Location: Newstead QLD
Structural Engineer: ADG Engineers
Brick and Blocklayer: Fugen Holdings
Builder: Mirvac Constructions (Queensland)
Architect: Mirvac Design
Photographer: Alex Chomicz
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THE HIGH LIFE
High-rise development sets new standards in a heritage riverside suburb.
Over the past decade Brisbane’s riverside suburb of Newstead has cast off its commercial, industrial and maritime past and been reborn as a fashionable, upmarket residential suburb.
The area is probably best known for the iconic brick woolstores in Teneriffe (now a suburb in its own right) but is also home to some fine Queenslanders and heritage properties such as Newstead House, Brisbane’s oldest existing residence, built in 1846, and the flamboyant Breakfast Creek Hotel.
A 17-hectare gasworks site is being developed as Newstead Riverpark. Mirvac’s Waterfront project occupies just over 10 hectares of this prime site flanking the Brisbane River, a mere two kilometres from the CBD.
Stage two, Park at Waterfront, opened in mid-2011.As its name suggests, this stage is set back from the river and surrounded by hectares of parkland. In all, 3.1 hectares has been developed as public open space and ownership transferred to Brisbane City Council.A further 1.8 hectares are publicly accessible but privately owned.
The Park building is set on a podium that forms the residents’ car park. It is best described as a three-core design with two eight-storey cores surmounted by a sixteen-storey tower providing variation and articulation to the building massing.
The 102 apartments are a relatively affordable mix of one-, two- and three-bedroom designs. In addition, there are 380 square metres of retail/restaurant tenancies on the ground floor.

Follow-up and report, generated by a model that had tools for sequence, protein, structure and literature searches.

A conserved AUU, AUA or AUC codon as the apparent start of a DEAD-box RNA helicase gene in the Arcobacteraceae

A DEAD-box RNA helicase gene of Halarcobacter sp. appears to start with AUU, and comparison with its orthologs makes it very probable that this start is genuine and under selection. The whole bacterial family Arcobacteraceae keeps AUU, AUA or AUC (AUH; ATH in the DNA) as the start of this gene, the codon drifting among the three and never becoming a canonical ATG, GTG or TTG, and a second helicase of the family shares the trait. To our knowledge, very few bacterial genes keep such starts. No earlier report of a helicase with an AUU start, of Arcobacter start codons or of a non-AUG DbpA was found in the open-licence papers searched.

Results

Stage 2 of Mirvac’s Waterfront, Newstead project is best described as a three-core design with two eight-storey cores surmounted by a sixteen-storey tower. Vertical brickwork panels increase the building’s thermal mass and give the whole complex a more human quality.
Mirvac Design, a wholly owned design and architecture subsidiary of the Mirvac Group, picked up the Teneriffe woolstores’ materiality and decorated the building’s western facade with vertical brickwork panels separated by rendered horizontal elements.
They chose Terracotta from Austral Bricks’ Symmetry range.The colour choice is an obvious homage to the area’s heritage, however the finish of these bricks is very contemporary and sharp with even colouration.The design intent was for the brickwork to increase the thermal mass and give the whole complex a more human quality, essential for a residential development.
The brickwork rises from the second to eighth levels. Every sixth course is recessed about 20 millimetres, creating a pleasing shadow line and breaking down the walling’s apparent mass.This simple technique is easily achievable thanks to the inherent modularity of brickwork.
Planning and design has begun on the stage three of this massive project which is expected to take a total of 10 to 15 years, with further stages being rolled out as dictated by market demand.
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